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Respecting Children's Agency
As parents in Zion we face the daily imperative to teach our kids to use their agency wisely. Joseph Smith said, in response to a question as to how he governed so many, “I teach them correct principles, and they govern themselves.” But just how does one teach a two- year -old to govern herself? And, what if the other moms and dads think our kids are doing a bit too much (or too little) governing? Well-meaning friends and family members often have advice or criticism, but we owe it to our children to parent to their needs rather than to the opinions of other adults, to “stand in the gap” and do what we know is best for them.
When my oldest child was four, we found a sad little train set second-hand. It had three cars and just enough track to make an approximation of an oval, but it might as well have been “The Polar Express.” At least a dozen times before we left the store he anxiously asked if I was sure we had his “twain twacks.” I replied, at least a dozen times, that I was sure we did. A visiting relative suggested that he save them for after his brothers were in bed.
The brothers in question are triplets who were two at the time. Auntie quite reasonably assumed the little boys would tear to bits their big brother’s railway ambitions. While I was certain she was correct, the number and ages of our children make it impractical for us to avoid all chaos and conflict. Also, we try to allow our children to make as many decisions as they safely can, and learn to resolve conflicts and problem-solve. It wasn’t my inclination to make him wait, but I was also aware of this relative’s dismay over my parenting tactics, so I just nodded noncommittally and observed.
The instant we arrived home, my guy began laying out his tracks, heedless of the kindly warnings which were becoming insistent. Auntie was growing irritated at his not taking (and my not enforcing) her advice. Her disapproval exerted just enough peer pressure on me that I urged him gently, “Come on honey, let’s put it away until later.”He replied firmly, never looking up, “No Mommy, I’m the big brudder, and I’ve made my decision” And continued to lay tracks.
I saw Auntie bristle at what she must have seen as the height of insubordination, but more importantly I recognized independent thought from my son. Instead of reprimanding him, or simply brushing his desires aside and distracting him with some inane cartoon to appease her, I “stood in the gap” (a small one, yes) and allowed him to exercise his agency, listening as he continued, “if the tricklets want to tear it apart that’s fine Mommy, they can.” He still did not look up, but spoke with four-year-old intensity, making that sideways Karate-chop gesture with his slender hand that he makes when he is really adamant.
I knew he did not mean to say it was ok for his brothers to destroy what he was doing, though I wasn’t sure what he did mean. So I watched to see if he knew what he meant. I saw one triplet take a piece of track out of its place and saw him patiently take it back, mimicking my tone as he said, “no little tricklet. See, like this.” Another brother grabbed the bridge and again, he gently took it back, saying, “No brudder; it goes hewe.” This was repeated three or four times until, I swear it was on cue, the triplets simultaneously destroyed the entire set-up in under three seconds (that’s less than one second per triplet, if you’re counting), in a toddler-railroad free-for-all. Big Brother wailed, “NOOOOOOOO! Mommmmmyyyyyyy!” I saw (in under one second per preschooler) the urge to take the track and whack his brothers on their toddler-heads come over him, and saw him instead throw himself across the room onto my lap, sobbing vehemently, “Mommy… tricklet… BAD ….NO!... “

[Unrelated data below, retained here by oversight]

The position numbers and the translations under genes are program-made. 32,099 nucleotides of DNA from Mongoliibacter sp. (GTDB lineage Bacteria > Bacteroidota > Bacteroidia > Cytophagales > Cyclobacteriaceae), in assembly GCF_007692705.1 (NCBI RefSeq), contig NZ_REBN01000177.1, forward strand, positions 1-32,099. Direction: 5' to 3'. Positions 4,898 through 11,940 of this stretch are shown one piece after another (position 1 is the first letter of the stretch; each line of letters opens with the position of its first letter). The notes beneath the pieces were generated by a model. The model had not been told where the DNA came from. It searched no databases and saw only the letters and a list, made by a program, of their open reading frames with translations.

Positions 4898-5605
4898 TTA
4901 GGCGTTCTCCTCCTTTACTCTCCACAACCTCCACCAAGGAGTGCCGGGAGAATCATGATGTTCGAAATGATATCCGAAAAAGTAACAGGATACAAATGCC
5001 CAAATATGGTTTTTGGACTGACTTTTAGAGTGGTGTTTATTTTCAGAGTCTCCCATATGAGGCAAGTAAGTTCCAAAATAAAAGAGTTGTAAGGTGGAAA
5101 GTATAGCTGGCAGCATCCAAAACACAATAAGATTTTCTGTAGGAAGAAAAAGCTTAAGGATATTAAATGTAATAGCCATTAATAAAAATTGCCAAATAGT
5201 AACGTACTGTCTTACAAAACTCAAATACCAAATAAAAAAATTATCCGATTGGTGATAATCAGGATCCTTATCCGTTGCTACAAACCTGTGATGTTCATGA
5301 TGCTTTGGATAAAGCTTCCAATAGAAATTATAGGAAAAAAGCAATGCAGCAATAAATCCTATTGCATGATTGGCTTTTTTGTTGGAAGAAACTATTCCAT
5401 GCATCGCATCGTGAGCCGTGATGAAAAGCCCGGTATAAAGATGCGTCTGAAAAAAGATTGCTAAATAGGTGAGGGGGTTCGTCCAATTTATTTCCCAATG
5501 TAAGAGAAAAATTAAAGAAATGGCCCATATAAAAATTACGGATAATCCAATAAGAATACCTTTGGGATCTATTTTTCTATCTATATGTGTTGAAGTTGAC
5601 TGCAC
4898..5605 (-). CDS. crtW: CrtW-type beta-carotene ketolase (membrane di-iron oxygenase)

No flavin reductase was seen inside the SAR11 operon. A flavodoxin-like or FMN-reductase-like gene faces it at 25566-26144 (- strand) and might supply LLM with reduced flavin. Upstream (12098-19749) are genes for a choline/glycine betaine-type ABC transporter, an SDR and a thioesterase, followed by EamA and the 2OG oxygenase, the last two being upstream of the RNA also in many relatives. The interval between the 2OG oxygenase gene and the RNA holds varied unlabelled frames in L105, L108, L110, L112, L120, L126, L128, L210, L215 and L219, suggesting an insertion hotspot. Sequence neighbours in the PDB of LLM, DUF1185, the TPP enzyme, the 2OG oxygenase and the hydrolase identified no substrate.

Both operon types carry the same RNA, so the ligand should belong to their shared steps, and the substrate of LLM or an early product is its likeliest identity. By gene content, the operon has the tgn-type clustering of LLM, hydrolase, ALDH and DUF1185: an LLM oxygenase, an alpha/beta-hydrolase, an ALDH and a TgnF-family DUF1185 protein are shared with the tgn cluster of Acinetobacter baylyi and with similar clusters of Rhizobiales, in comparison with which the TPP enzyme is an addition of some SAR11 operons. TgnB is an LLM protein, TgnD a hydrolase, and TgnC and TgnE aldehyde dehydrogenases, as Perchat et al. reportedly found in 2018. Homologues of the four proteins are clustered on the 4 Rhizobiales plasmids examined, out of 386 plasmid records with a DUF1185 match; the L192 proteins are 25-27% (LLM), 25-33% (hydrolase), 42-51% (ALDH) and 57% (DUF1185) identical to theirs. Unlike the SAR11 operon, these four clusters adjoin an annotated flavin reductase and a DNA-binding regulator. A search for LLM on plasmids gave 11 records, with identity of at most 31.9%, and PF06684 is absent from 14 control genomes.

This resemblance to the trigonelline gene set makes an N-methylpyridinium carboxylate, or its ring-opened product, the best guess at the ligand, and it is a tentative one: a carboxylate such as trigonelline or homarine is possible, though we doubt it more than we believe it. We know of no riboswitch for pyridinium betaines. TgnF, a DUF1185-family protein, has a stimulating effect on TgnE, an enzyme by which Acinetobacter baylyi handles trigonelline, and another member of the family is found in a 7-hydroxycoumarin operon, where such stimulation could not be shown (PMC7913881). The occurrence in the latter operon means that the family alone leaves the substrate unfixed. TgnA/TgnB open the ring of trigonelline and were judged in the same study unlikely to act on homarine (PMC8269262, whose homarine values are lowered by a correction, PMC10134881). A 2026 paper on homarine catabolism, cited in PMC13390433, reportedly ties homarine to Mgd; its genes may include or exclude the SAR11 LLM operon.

I grabbed him, ferocious in my embrace, speaking quietly into his ear, “I’m so proud of you. You were so kind and responsible. When it got too hard you came to Mommy instead of fighting. You did great.” He calmed enough to wipe his nose on the back of his hand, karate-chopping ever more earnestly. Dark lashes spiky, wet cheeks red, he hiccupped, “but mommy, those tricklets were bad!” He drew in a shaky breath and spoke again, in a let’s-get-down-to-business voice, “Now, how can we teach them not to do that ever again?”
All those things parents worry about instilling—compassion, respect, patience, responsibility, consequences, problem-solving —my boy “got.” I didn’t have to force him to do what is right. Thank heavens I didn’t cave to peer pressure to appease another adult. Rather than high-handedly saying, all right, but you’ll be sorry or,I told you so, I allowed him to try and, I would argue, experience a success far greater than anything that would have been learned had I simply enforced some edict.
He had stewardship over that train set. He’d known those brothers every day of their lives, and knew they’d try to tear it apart. He knew that yelling and hitting would not be tolerated, and that when someone doesn’t understand, we teach him. I couldn’t have been prouder of him. And as the train was his stewardship, he was mine. I could not turn it over to another, even one who had more years on this earth, or more years raising children. The Lord sent this child to me, and if I earnestly seek His guidance, no one is better equipped to teach him correctly than I. I count that unremarkable afternoon as one of our big successes, and when I wonder if it's worth the bother to make the kids pick up after themselves instead of swooping everything up myself, or explaining "why" rather than snapping, "'cause I said so," I hear these earnest words: I'm the big brudder...I've made my decision. They help me make better ones myself.
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